“During October we take a couple of nights each week in family worship to study the major figures and core issues of the Reformation. We’ve looked at the lives of John Calvin and John Knox, the burr in Martin Luther’s saddle that drove him to nail his 95 theses, the five solas of the Reformation, even why I believe Baptists are heirs of the Reformation (and why some might beg to differ).”
Our neighbor looked more than a bit puzzled at my daughter’s answer.
“I bet you’re looking forward to October 31, aren’t you?” she asked. My precocious 12-year-old didn’t bat an eyelash: “Of course. We love Reformation Day. We get to eat candy, sing hymns, and talk about Martin Luther.”
Okay, I’ll admit that vignette sounds a bit geeky in a theology nerd sort of way, as if I’m trying to raise Puritan children in an internet age. I’m not—at least not entirely (we enjoy our electricity). And this is not another article telling you how to lay an evangelical template over Halloween that involves dressing your kids as pint-sized popes and reformers.
Let’s call it supplementary education in the Ephesians 6:4 vein.
During October we take a couple of nights each week in family worship to study the major figures and core issues of the Reformation. We’ve looked at the lives of John Calvin and John Knox, the burr in Martin Luther’s saddle that drove him to nail his 95 theses, the five solas of the Reformation, even why I believe Baptists are heirs of the Reformation (and why some might beg to differ).
Previously I offered seven reasons to teach our children church history, but here are five reasons we should teach them specifically about the Reformation.
1. I want them to know about God’s faithfulness to his church.
We are not the first to preach the gospel and certainly not the first to follow Christ. We stand on the shoulders of other godly men and women. I want my kids to know the stories of courageous leaders such as Luther, Calvin, Knox, and Zwingli who risked life and limb to recover a gospel submerged beneath layers of religious superstition, false doctrine, and worldly living.
And, like the cloud of witnesses in Hebrews 11, the reformers and their heirs (including us) bear witness to God’s faithfulness to honor his Word and build his church. God was the hero of the Reformation, and it was one of the most important events in human history.
2. I want them to know reformation must continue.
I want my kids to know the reality of semper reformanda—always reforming according to Scripture. The Protestant Reformation refers to a particular historical movement. Yet the work of reformation will never be complete—neither in us nor in the church—until Jesus returns. We must keep asking the question “Is it biblical?” of everything we do in the church, asserting and reasserting the Reformation’s formal principle of sola Scriptura.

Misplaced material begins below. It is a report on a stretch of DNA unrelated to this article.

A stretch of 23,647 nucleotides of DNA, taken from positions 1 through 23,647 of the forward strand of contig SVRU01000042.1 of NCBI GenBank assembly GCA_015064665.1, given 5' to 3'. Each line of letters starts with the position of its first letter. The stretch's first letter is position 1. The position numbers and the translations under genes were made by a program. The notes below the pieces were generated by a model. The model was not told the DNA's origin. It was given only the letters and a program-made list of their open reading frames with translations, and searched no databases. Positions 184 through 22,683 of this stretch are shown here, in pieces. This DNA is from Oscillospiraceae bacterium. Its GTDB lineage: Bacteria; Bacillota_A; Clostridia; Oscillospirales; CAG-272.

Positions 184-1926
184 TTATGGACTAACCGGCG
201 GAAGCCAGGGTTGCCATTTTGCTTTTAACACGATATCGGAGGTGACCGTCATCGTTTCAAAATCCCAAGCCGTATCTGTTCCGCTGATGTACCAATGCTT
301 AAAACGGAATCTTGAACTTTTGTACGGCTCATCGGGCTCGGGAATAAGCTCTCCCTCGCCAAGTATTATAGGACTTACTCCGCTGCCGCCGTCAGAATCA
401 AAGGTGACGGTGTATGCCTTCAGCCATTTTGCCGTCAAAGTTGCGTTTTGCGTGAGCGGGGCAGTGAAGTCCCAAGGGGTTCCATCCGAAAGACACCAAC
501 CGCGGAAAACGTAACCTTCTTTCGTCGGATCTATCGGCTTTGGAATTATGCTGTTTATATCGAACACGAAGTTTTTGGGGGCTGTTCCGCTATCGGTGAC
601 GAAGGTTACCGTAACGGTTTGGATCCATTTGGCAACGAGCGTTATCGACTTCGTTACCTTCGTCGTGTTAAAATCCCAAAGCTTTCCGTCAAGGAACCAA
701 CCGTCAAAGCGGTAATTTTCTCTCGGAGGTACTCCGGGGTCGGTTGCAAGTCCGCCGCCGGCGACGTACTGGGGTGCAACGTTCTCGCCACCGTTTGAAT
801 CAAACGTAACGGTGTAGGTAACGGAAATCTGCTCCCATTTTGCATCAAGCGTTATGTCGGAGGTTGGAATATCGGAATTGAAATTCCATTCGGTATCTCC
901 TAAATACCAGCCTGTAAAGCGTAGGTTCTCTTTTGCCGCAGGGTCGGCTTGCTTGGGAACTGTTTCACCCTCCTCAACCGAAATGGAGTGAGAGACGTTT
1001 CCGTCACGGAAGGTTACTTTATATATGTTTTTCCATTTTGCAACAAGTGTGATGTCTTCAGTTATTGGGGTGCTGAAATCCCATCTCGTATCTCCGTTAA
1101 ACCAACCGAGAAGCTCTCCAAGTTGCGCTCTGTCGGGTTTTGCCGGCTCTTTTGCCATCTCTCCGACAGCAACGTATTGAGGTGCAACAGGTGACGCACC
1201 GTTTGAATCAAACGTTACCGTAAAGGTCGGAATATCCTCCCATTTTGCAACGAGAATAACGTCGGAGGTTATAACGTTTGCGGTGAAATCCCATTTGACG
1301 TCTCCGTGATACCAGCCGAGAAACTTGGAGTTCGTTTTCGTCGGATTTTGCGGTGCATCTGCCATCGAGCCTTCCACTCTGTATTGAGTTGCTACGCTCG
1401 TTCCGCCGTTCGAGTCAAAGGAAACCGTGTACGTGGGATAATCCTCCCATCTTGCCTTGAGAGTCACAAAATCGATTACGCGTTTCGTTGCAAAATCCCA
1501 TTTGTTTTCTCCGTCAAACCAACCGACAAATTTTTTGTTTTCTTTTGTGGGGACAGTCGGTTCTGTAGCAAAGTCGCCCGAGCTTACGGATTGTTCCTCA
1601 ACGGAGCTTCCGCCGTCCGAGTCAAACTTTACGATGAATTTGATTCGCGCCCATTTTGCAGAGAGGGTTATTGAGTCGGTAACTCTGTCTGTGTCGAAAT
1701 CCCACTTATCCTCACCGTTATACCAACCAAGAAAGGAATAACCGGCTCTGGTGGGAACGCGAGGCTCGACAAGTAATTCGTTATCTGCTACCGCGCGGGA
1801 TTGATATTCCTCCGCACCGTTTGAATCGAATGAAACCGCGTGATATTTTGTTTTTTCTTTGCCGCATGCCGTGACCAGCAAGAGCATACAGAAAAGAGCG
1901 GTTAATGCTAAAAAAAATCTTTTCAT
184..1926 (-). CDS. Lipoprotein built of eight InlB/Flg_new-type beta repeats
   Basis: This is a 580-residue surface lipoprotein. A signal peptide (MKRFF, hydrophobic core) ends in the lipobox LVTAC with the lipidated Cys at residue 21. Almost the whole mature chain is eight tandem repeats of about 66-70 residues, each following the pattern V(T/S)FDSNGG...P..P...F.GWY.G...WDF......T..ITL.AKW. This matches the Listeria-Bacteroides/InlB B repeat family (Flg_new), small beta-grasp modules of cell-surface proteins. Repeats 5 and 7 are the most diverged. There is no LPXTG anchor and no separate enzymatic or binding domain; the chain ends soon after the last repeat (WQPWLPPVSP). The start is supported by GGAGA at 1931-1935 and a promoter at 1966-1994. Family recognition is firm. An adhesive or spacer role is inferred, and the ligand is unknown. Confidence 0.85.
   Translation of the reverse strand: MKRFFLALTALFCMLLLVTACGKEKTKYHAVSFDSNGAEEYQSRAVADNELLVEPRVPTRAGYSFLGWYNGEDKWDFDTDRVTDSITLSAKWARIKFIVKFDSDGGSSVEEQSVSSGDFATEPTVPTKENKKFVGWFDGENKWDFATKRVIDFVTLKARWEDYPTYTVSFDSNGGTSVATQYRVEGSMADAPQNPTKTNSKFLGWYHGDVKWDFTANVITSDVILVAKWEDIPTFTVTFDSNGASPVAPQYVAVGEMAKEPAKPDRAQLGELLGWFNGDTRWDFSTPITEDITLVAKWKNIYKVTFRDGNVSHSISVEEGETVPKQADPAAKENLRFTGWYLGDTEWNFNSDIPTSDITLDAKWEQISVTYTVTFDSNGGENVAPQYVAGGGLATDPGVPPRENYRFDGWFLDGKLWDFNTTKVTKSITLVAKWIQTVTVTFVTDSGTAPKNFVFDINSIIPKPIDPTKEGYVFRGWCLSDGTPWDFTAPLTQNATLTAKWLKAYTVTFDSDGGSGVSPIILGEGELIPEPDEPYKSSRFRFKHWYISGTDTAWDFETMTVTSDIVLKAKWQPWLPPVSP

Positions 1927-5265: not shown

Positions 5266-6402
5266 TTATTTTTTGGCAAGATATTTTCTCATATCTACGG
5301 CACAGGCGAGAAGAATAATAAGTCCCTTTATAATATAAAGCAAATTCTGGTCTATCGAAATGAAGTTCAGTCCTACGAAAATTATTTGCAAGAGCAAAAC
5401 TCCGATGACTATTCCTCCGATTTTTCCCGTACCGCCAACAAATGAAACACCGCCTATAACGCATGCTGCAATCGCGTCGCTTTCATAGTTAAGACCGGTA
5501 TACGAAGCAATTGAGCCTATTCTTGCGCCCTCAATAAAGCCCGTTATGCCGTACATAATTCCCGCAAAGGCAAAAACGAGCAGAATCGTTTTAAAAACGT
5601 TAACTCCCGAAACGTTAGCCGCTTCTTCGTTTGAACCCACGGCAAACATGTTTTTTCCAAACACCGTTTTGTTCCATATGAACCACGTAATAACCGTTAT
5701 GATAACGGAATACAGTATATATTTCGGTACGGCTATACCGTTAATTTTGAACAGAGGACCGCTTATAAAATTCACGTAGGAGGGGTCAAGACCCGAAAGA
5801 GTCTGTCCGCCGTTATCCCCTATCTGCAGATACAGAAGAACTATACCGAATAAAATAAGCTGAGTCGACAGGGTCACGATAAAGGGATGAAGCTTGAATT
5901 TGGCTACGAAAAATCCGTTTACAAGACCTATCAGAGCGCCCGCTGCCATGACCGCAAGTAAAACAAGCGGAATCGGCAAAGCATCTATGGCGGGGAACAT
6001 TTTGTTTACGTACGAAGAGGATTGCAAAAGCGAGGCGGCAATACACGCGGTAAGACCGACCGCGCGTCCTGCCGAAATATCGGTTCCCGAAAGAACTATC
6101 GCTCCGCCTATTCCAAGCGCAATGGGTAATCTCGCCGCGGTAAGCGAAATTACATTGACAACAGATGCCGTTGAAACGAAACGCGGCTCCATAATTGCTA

Every generation must fight for the Bible. My own denomination, the Southern Baptist Convention (SBC), dramatically illustrates this need. Beginning shortly after the fundamentalist-modernist controversy in the 1920s, SBC seminaries drifted toward theological liberalism. By the 1960s the gospel, once assumed in the denomination, was lost among many of its leaders. In the 1980s God began a reformation often called the “conservative resurgence.” The authority and inerrancy of Scripture again became a secure foundation under our house.
The Bible and its gospel doctrines could again be eclipsed in evangelical churches. We’ve seen popular teachers who style themselves as evangelicals deny the Bible as the authoritative foundation for the church. We’ve seen them reject doctrines like original sin and eternal hell.
Every generation must battle for the Bible. Reformation continues, and I want my kids thinking about that now.
3. I want them to know defending the Bible is dangerous, but worth the risk.
The reformers and their theological heirs, the oft-lampooned Puritans, were well acquainted with the cost of discipleship. Luther hid from authorities for several years under threat of arrest and certain death. Calvin used fictitious names as he fled in exile across Europe from government officials. John Bunyan spent 12 years in jail, and Jonathan Edwards was fired from his church. Suffering isn’t unusual; it’s the calling of every Christian. Not since the days of Paul has there been a more compelling picture of suffering in the cause of truth than the leading exponents of the Reformation.
Yes, my kids need to know defending the Bible will cause them to clash with a culture that despises it, but it may also bring them into collision with many within the church. I want them to know that to be a Christian is to be a revolutionary, that good people disagree at key points, and that issues such as baptism and the Lord’s Supper—which many evangelicals regard as matters indifferent—are anything but matters indifferent. The Reformers certainly didn’t think so, and many of my Baptist forebears paid for dissenting opinions with their lives.